Chronic inflammatory conditions, such as juvenile idiopathic arthritis, are associated with growth failure. Growth failure appears to be correlated with both the effects of inflammation and negative effects of glucocorticoids (used as therapeutic option) on the growth hormone axis and locally on the growth plate and bone metabolism. In the last decade, the introduction of biologics has changed the disease course regarding consequences and outcomes. Anyway in some cases, treatment with biologics has failed in restoring normal growth in patients with juvenile idiopathic arthritis; in contrast, several studies have reported improved height velocity and growth rate in patients with juvenile idiopathic arthritis treated with growth hormone. This study aimed to evaluate the impact of growth hormone treatment on the growth and pubertal development in juvenile idiopathic arthritis patients through a narrative review of the literature over the last four decades.
Complete deficiency of thyroxin-binding globulin (TBG-CD) is not commonly associated with clinical symptoms, and little is known about thyroid tumors associated with TBG-CD. We present a case report of an asymptomatic follicular adenoma that spontaneously shrank in a patient with TBG-CD. A previously healthy 13-yr-old male presented with a diffusely swollen thyroid gland. Thyroid function tests revealed low total thyroxin and TBG concentrations, indicating a TBG deficiency. Ultrasonography revealed a mildly swollen thyroid gland with a nodule (14 × 12 × 19 mm) in the left lobe. Genetic analysis of peripheral blood revealed a previously reported SERPINA7 variant, which resulted in complete loss of TBG function. The nodule was identified as a follicular adenoma using fine-needle aspiration. Subsequently, the adenoma shrank without treatment. This pubertal case suggests that careful observation with ultrasonography is warranted for follicular adenoma in patients with TBG deficiency and that treatment may not be required.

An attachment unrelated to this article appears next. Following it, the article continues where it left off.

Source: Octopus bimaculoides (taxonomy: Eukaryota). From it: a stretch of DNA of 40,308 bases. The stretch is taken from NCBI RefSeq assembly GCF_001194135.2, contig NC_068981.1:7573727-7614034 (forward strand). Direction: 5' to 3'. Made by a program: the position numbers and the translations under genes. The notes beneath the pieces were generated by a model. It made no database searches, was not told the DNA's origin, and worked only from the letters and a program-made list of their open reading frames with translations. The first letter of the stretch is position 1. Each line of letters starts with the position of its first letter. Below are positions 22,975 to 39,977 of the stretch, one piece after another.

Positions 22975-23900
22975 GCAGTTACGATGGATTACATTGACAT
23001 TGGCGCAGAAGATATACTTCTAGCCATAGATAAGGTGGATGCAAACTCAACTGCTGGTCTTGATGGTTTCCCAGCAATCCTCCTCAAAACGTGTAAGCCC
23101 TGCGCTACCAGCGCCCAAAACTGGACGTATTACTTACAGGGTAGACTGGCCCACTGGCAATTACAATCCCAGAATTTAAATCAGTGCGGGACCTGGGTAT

Following the partial revision of the enforcement regulations of the School Health and Safety Act, school health checkups incorporated growth evaluation of schoolchildren in April 2016 using growth charts. We report cases of congenital central hypothyroidism (C-CH) in siblings with a novel nonsense variant in the immunoglobulin superfamily member 1 gene (IGSF1); their diagnoses were prompted by school health checkups. School checkups revealed that the older brother was overweight and had a reduced growth rate at the age of 11 yr, whereas the younger brother was overweight and had short stature at the age of 8 yr. They were diagnosed with C-CH because of normal thyroid-stimulating hormone (TSH) levels despite a low free thyroxine level and low TSH response in the thyrotropin-releasing hormone stress test. Only the older brother had prolactin deficiency and testicular growth without elevated testosterone levels. The siblings harbored a novel nonsense variant in exon 16 of IGSF1 (NM_001555.5: c.3056G>A: p.Trp1019Ter) and were diagnosed with IGSF1 deficiency. In Japan, C-CH may be overlooked because TSH-based newborn screening alone is usually performed for patients with congenital hypothyroidism. The implementation of growth monitoring using growth charts in school health checkups may prompt new C-CH diagnoses.
Although KCNJ11 mutation is the main cause of neonatal diabetes mellitus, reports of maturity-onset diabetes in the young (MODY) related to KCNJ11 are rare. Here, we report a case of KCNJ11-MODY in a 12-yr-old Japanese female. Hyperglycemia was initially detected during a school urine screening program. Subsequent laboratory examinations revealed impaired insulin secretion; however, no islet autoantibodies were detected. Genetic testing of KCNJ11 revealed a novel heterozygous variant, c.153G>C, p.Glu51Asp. The patient’s father had the same mutation and was diagnosed with diabetes at 46 yr of age. KCNJ11-MODY was suspected, and sulfonylurea administration resulted in adequate glycemic control in the patient. The American College of Medical Genetics and Genomics guidelines classify this variant as likely pathogenic, and the effectiveness of sulfonylureas supports its pathogenicity. The patient could be treated with 0.02–0.03 mg/kg/d of glibenclamide, as this mutation may be responsive to only a small amount of sulfonylurea. A detailed family history and sequencing of causative genes, including KCNJ11, may help diagnose diabetes in school-aged patients.